The second CLEUD application sought to evidence that an additional hourly period was lawful. It did not rely on evidence from 2011 but evidence for the ten-year period June 2013 – June 2023. In making the second CLEUD, the applicant challenged the Councils approach to assessing the continuity of the breach which applied the same factors to a half hour period in the morning to assessing breaches over whole hours. This is a valid and reasonable point which the Council has had to address as it determined the second CLEUD application. This is also a key reason why the lawful position has changed since the first CLEUD decision was issued in March 2023.

The Planning Department was not unwilling to commence enforcement action in the fifteen-week period between the determination of the first CLEUD and the submission of the second. It took legal advice in relation to planning enforcement from the Councils legal team and a planning barrister which included advice in relation to the form and content of an Enforcement report and a draft Enforcement Notice. A draft enforcement report recommending enforcement action and draft Enforcement Notice were prepared following a series of discussions within this period. The Council was not in a position to prepare and serve the notice any earlier. The second CLEUD was submitted just before the Council had the opportunity to serve the notice. The Council’s barrister advised that the second CLEUD application should be determined before formal enforcement action was taken.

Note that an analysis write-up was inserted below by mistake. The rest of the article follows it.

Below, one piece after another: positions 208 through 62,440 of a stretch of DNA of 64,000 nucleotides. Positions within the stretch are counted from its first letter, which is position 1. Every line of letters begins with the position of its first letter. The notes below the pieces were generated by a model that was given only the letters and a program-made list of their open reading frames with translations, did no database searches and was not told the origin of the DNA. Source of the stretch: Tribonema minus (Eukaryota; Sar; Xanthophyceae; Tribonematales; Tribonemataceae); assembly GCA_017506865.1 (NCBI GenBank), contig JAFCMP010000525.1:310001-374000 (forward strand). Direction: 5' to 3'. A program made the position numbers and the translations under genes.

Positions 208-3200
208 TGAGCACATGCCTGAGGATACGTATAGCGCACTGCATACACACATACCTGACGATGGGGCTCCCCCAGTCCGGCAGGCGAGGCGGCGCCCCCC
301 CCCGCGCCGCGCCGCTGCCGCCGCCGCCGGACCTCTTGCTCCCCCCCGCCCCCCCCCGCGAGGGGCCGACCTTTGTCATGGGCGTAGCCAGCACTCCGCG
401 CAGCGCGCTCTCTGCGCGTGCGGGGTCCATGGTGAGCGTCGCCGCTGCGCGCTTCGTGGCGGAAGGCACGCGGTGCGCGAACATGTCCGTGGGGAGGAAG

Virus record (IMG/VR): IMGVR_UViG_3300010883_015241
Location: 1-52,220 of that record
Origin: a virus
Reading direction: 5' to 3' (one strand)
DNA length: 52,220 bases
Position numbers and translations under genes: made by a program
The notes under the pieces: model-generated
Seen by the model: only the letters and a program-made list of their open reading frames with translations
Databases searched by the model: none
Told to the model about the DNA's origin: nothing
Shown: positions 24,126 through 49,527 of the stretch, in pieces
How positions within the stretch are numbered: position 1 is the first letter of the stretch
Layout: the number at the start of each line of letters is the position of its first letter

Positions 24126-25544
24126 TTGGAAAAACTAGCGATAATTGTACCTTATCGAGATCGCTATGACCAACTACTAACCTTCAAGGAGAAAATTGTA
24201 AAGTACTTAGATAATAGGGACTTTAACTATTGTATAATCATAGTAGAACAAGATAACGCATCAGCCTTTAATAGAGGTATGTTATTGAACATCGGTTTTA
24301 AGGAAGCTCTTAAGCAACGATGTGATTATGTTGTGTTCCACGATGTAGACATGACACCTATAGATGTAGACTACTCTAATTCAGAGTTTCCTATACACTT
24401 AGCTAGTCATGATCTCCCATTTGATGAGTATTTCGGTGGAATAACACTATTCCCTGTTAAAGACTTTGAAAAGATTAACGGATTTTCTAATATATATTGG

The Council does not believe that it is powerless in respect of the breach of planning control. Planning Enforcement action remains an important way in which it can seek compliance with lawful hours of operation in order to protect amenity. An Enforcement Notice was issued on 26 September and will come into effect on 31 October 2023. Local Communities can and should continue to report any continued breaches.


The Planning Enforcement Notice will ‘stop the clock’ in terms of a rolling ten-year immunity period. The applicant has the right of appeal and an appeal must be lodged with the Planning Inspectorate before the date on which the notice is effective.  It should be noted that if an appeal is made, compliance with the planning enforcement notice is held in abeyance pending the outcome of the appeal.


In the event that an appeal is not made or an appeal is dismissed and the notice upheld, failure to comply with the notice would be a criminal offence and can lead to prosecution in the courts.


In respect of concerns relating to capacity at the mill (and the frequency and volume of associated vehicle movements) the LPA has some control over the expansion of the mill if continued expansion involves development. Local communities will be able to submit views on any planning applications for future development at the site.

Councillors cannot commit to supporting Traffic Regulation Order. Class B roads are naturally expected to carry a significant proportion of heavy traffic and any HGV ban on a Class B road would inevitably divert traffic onto smaller, less suitable rural roads.






MP - Question Time


Kevin Hollinrake joined the meeting virtually and highlighted the following;


·         As the Minister for Business for Enterprise and Markets he assured the Committee and the public that he will always be a constituency member of parliament representing the constituency first and foremost.  The impending boundary change will remove Easingwold from the constituency but he was delighted that Bedale and surrounding villages have been brought into the constituency.

·         His focus would be the local economy, as jobs and business opportunities support everything across the constituency and he was keen to make sure the local economy stayed vibrant and that business was force for good.